It’s become something of a common conversational crutch to posit the 2014 NBA draft in the following, caveat-capped terms: There’s a lot of depth but no true can’t-miss prospects.
Here’s the thing: With the exception of a tight handful of pantheonic players, there never have been any can't-miss prospects.
Bill Russell, Wilt Chamberlain, Lew Alcindor, Magic Johnson, Larry Bird, Michael Jordan, LeBron James: It’s because of these bona fide guarantees that we allow ourselves the liberty of so flippantly levying can’t miss.
Because it’s only in hindsight that a particular player can truly be considered as such. From there, we take the resulting template and try—time and again over a period of decades, perhaps—to fit it over the next in line.
Not only is it indicative of a desire to copy and paste the past, but it’s also unfair to the players themselves. Imagine being 18, 19, 20 years old and knowing, as you bid adieu to your dorm-room diet and frat-party friends, that you have to be great. Falling short simply isn’t an option. Because—wait for it—you can’t miss!
The danger here is twofold, at least: Either the hype goes straight to the player’s head, pre-emptively compromising the fear of failure that drives so many a legend, or that very fear—of being the one who misses—becomes too much to bear.
Even recent history is ripe with both.
In a piece for ESPN's Insider (subscription required), Chad Ford ranked the most hyped draft prospects since 2000. Of the 25 Ford included, at least 10 can be safely deemed flat-out busts, with another handful’s only recourse being that the jury is still out.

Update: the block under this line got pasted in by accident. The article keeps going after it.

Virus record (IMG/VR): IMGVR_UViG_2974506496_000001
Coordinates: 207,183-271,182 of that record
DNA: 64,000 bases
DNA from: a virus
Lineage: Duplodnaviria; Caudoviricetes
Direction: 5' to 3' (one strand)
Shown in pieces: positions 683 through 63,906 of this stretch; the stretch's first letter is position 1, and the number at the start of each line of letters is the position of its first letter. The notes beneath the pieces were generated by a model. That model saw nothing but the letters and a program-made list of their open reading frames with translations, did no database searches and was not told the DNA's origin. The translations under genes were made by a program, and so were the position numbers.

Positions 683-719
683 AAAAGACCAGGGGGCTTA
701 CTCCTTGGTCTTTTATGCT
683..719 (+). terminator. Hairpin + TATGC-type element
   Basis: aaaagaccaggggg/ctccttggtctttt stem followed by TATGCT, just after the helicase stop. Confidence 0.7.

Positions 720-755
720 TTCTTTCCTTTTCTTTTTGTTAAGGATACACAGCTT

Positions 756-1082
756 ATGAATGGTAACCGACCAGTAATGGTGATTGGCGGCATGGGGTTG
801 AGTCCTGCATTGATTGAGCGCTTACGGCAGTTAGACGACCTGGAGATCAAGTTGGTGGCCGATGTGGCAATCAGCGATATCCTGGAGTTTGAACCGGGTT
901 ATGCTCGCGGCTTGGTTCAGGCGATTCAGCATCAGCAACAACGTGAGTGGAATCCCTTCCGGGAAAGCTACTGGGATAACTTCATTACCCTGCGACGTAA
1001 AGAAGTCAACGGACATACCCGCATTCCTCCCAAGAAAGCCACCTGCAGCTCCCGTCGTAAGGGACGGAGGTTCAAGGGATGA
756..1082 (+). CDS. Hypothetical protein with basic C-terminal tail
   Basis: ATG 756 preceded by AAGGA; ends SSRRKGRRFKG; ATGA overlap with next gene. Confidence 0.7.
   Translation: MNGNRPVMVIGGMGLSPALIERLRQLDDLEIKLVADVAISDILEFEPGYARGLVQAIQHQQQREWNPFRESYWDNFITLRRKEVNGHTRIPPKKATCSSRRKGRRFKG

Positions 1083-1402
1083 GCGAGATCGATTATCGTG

That’s a full 40 percent that didn’t just miss; they missed spectacularly—and, in almost every case, sadly.
Greg Oden: 7’1” shot-blocking behemoth with offensive upside for days, turned his freshman year at Ohio State into his own punishing proving ground. Can’t miss.
Darko Milicic: Versatile Serbian big whose skills were so advanced as a 17-year-old that he drew comparisons to Kevin Garnett. Can’t miss.
Jay Williams: Derrick Rose before there was a Derrick Rose, two-year Duke phenom with uncanny speed and quickness and fundamentals to boot. Can’t miss.
Michael Beasley: Big 12 dominance on par with Kevin Durant’s the year before, scoring and rebounding machine conceivably poised to play three positions. Can’t miss.
Adam Morrison: Can score from anywhere on the floor, gorgeous release reminiscent of Larry Legend himself. Can’t miss.
Dig a bit deeper into the annals of hardwood hype, and you’ll even find a few sadder stories.
Take the case of Lenny Cooke, the one-time New Jersey prep-ball wunderkind once spoken of in the same breath as LeBron James and Carmelo Anthony. Cooke was the subject of a recent documentary and, consequently, a profile piece by legendary New York Times reporter Harvey Araton:
A decade ago, many were predicting that Cooke, a New York City prodigy, would become a basketball shoe pitchman and would flaunt his wares and skills at All-Star weekends like the recent aerial show in Orlando, Fla. There was a time, however fleeting, when he was more heralded, or perhaps merely hyped, than any other high school player in America.
After going undrafted in 2002, Cooke would pull stints with the Continental Basketball Association and in the Philippines. He never logged a single minute in the NBA.